The market was stunned by the Organization of Petroleum Exporting Countries and its allies’ decision to reduce oil production, considering Saudi Arabia’s previous statements that it would maintain production levels. The decision has reignited concerns over inflationary pressures, heightening fears that rising prices and aggressive monetary tightening by central banks might push the global economy into recession.
Under present market conditions, the White House has condemned the OPEC+ move as ill-advised and underlined that the United States will cooperate with producers and consumers to moderate gasoline costs for Americans.
The following is what analysts are saying about the sudden shift in OPEC+ production:
Group Goldman Sachs Inc.
Analysts like as Daan Struyven and Callum Bruce opined, “OPEC+’s price power relative to the past is extremely strong.” “Today’s unexpected price reduction is consistent with their new policy of acting preemptively because they can without suffering large market share losses.”
This, along with the prolongation of Russian production restrictions, prompted the Wall Street titan to increase its Brent oil price projection for December this year from $90 to $95 per barrel, and from $80 to $100 per barrel for December 2024.
Goldman said that, unlike during the previous OPEC+ cut in October, the trend for global oil demand remains favorable due to a robust rebound in China and stable refining margins.
The Bank of America Corporation.
“Any unexpected 1 million barrel per day shift in supply or demand circumstances over the course of a year may have a $20 to $25 impact per barrel,” said Francisco Blanch, director of commodity and derivatives research at Bank of America.
“OPEC no longer fears a large US shale oil supply reaction if Brent crude oil prices trade over $80 per barrel,” he added. “Thus, decreasing quantities to drive up oil prices does not pose the same concerns as it did five years ago.”
Given that OPEC has traditionally failed to completely implement agreed-upon cutbacks, it is uncertain how much of the planned cuts would materialize in real volume reductions, he added. BofA maintains its second-half Brent price prediction of above $90 per barrel.
The company Citigroup Inc.
Citi analysts included Ed Morse and Francesco Martoccio stated, “OPEC+ restarted its previously abandoned resolve to become the ‘central bankers’ of oil.”
“With extremely low managed money positioning, low open interest, and strong volatility, the markets may anticipate a price overshoot, just as Fed tightening and financial upheaval caused prices to fall far more than balances justified two weeks ago.”
RBC Capital Markets LLC
According to experts at RBC, including Helima Croft and Christopher Louney, the unexpected cut by OPEC+ might result in a decrease of nearly 700,000 barrels per day, despite the fact that the headline number is approximately 1.65 million barrels per day.
Yet, the decision might be interpreted as an indication that Saudi Arabia and its OPEC colleagues would attempt to prevent more global selloffs. The Saudis have conveyed obvious worries about the Federal Reserve’s aggressive actions, macroeconomic uncertainty, and what has been perceived as an excessively pessimistic market bias, they added.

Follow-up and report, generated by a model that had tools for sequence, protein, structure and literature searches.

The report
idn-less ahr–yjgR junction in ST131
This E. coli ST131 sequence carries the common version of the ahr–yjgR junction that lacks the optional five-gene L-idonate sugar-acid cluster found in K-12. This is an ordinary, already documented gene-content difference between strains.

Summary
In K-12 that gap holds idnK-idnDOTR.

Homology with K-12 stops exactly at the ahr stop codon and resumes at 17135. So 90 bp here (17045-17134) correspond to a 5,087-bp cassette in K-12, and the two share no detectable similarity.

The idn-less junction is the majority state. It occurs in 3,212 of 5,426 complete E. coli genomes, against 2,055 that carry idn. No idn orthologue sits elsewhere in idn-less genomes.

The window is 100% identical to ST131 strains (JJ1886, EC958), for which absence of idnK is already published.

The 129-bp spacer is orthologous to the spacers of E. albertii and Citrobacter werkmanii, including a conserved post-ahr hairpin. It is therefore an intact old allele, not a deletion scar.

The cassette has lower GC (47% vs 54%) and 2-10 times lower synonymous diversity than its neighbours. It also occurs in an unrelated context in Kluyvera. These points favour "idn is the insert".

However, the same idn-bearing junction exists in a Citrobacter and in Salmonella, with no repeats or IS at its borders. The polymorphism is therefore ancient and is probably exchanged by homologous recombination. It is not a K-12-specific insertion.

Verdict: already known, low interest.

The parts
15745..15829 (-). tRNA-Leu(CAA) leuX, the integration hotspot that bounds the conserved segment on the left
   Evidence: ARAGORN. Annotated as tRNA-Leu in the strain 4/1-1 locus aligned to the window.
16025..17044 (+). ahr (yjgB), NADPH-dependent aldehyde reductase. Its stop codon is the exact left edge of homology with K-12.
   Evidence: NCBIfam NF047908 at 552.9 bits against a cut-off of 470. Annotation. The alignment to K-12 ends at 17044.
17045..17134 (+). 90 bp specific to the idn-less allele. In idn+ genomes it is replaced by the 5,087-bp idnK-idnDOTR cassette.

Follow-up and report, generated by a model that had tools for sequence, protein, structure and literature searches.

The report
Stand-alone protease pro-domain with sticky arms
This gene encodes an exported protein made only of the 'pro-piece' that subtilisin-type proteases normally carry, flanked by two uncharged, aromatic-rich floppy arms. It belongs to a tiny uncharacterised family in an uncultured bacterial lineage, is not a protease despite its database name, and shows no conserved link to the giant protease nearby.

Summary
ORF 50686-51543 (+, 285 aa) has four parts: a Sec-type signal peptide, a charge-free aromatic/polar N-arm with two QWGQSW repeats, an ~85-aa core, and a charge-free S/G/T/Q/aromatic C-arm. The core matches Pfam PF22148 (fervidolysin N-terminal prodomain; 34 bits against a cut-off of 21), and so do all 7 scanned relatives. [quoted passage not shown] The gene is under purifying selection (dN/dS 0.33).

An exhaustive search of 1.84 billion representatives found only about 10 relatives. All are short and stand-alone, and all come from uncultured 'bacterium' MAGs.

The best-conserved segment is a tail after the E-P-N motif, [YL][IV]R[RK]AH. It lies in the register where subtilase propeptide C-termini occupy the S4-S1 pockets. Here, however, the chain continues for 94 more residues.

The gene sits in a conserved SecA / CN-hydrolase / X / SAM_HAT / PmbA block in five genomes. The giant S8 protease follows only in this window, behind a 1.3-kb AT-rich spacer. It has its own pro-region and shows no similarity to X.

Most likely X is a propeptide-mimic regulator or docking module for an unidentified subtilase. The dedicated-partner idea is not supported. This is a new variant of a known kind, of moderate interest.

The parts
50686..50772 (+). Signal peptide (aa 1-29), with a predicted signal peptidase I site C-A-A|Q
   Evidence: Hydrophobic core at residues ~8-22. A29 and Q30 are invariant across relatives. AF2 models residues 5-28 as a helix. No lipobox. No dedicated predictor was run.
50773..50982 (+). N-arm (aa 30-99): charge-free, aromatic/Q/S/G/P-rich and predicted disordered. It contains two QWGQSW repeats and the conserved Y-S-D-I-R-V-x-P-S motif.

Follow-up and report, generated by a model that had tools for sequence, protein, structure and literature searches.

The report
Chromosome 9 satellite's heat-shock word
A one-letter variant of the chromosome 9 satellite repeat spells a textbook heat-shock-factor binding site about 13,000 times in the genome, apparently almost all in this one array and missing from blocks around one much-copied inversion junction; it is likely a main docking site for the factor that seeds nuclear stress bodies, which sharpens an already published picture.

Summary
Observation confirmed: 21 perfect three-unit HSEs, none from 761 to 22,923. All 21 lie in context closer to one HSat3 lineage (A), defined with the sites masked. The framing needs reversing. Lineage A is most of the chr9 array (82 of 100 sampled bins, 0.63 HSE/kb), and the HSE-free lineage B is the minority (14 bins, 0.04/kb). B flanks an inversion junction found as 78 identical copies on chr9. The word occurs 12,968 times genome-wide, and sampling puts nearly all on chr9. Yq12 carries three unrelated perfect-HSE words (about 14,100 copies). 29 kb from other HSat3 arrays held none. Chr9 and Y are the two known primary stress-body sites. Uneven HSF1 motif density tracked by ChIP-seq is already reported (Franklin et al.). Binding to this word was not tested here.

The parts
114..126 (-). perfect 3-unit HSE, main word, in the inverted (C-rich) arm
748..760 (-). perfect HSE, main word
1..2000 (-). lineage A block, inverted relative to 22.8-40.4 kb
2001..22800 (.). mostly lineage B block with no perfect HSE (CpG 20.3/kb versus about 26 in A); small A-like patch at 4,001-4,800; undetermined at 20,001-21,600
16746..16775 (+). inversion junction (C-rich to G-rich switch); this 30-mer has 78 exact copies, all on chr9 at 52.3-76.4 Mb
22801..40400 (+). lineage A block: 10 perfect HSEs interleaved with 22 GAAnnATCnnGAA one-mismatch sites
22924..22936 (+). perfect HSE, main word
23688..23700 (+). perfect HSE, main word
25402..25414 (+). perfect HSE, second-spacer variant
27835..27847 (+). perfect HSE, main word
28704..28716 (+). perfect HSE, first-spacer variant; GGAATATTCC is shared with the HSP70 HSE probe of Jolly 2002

ANZ Holdings Group Ltd.
After these efforts, the possibility of reaching $100 by the end of the year has “definitely improved,” according to Daniel Hynes, senior commodity analyst at ANZ, speaking on Bloomberg Television.
He stated, “Like the rest of the market, I was rather astonished by the move.” This policy sends a rather clear message to the market that the government intends to support pricing.
The Commonwealth Bank of Australia, Ltd.
According to Vivek Dhar, head of mining and energy commodities research at Commonwealth Bank of Australia, the planned cutbacks from OPEC+ will equal to around 1.1% of world supply in the next two months and 1.6% of global production in the second half of this year.
He noted that the eight nations seeking to reduce output have the capacity to do so. Dhar stated, “Thus, a daily production rate of above one million barrels is a possibility.” Consumers should pay attention to these reductions since they are achievable.
Skandinaviska Enskilda Banken AB
According to Bjarne Schieldrop, the chief commodities analyst at SEB, it is “simple to reduce when there is less fear of losing market share to US shale oil as its growth slows.” “When US shale oil production declines, OPEC+ will gain more market power, and oil prices will rise,” as a result of dwindling US shale oil production.
If global jet fuel demand recovers, the price of Brent will return to $100 per barrel more quickly due to the reductions, he added.
“We have previously maintained that OPEC has a great deal of untapped capacity for additional production reduction,” Schieldrop explained. “This is true even after the most recent cutbacks. As a result, downside price risk is restricted.”
According to Vandana Hari, Singapore-based founder of oil consultancy firm Vanda Insights, “the move has the potential to drive the market into a deficit in the second quarter, contrary to prior projections of a surplus.”
“Higher prices may reduce some crude oil demand and increase the inflation that central banks are attempting to control, so increasing the likelihood of a recession,” she added.